I used to hate building houses in The Sims 4, but now that I’ve seen what the game can do, I’ve come around to it. If you’ve got the right inspiration and a little bit of grit, you can use The Sims 4 to make your dream house—or at least, something Instagram worthy.

Source: Kotaku.com

Tips For Playing Slay The Spire

After over a year in Early Access, the challenging deck-building roguelike Slay the Spire is officially out on Steam today with a Switch port to following later in 2019. The game was really good when I played the hell out of it back in early 2018, and though the finished version is mostly the same, it still bears the marks of nearly 14 months of updates, balance improvements, and overall polish.

While the developers at Mega Crit Games made Slay the Spire somewhat more approachable during that time, it’s still far from easy. Most of your runs through its three-floor dungeon will be cut short, as mine often have been, through poor planning, bad luck, or a combination of both. Here are some tips to help you survive longer and, potentially, even make it to the end of the game in just a few short sittings.


Study each map ahead of time and plan your path so that it’s evenly balanced.

There are six types of rooms in Slay the Spire, each classified by what is in them: monsters, elites (mini-bosses), merchants, treasure chests, campfires, and mystery rooms (could be anything). Try to plot a course through each floor of rooms that minimizes the risk of you getting halfway through and dying because you hit an elite room with only a third of your health. There are usually two or three campfires where you can heal over the course of each level, so you’ll want to find a course that evenly spaces them out and doesn’t involve fighting more than three monster rooms in a row. That means choosing a path that has some treasure chest and question mark rooms mixed in. Don’t chart a course that brings you through four monster consecutive rooms that end in an elite.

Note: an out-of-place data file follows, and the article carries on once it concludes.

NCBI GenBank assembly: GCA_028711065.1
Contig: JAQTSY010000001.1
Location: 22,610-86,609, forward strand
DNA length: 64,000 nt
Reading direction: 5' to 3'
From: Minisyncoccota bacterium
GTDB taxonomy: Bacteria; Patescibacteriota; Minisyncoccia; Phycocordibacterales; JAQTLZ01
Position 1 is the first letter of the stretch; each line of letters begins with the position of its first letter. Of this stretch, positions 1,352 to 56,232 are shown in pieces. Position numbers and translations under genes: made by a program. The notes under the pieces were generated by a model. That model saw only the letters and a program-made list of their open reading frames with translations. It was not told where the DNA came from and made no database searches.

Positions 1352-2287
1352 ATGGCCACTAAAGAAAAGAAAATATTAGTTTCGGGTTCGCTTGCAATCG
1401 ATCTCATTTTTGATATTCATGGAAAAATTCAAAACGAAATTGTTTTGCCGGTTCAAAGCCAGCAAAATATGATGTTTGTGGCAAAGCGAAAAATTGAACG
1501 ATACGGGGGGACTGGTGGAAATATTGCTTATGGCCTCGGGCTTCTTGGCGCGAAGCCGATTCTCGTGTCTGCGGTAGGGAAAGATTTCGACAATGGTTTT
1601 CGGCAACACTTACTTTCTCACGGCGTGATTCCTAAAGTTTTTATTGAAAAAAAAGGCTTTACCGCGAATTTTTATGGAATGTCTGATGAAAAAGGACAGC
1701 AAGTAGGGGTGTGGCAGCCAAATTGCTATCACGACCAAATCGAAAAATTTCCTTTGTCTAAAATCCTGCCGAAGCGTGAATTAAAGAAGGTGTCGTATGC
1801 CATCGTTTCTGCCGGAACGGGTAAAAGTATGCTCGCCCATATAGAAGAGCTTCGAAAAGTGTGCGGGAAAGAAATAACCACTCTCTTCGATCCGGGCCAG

Grab power cards early on and try to build the rest of your deck around them.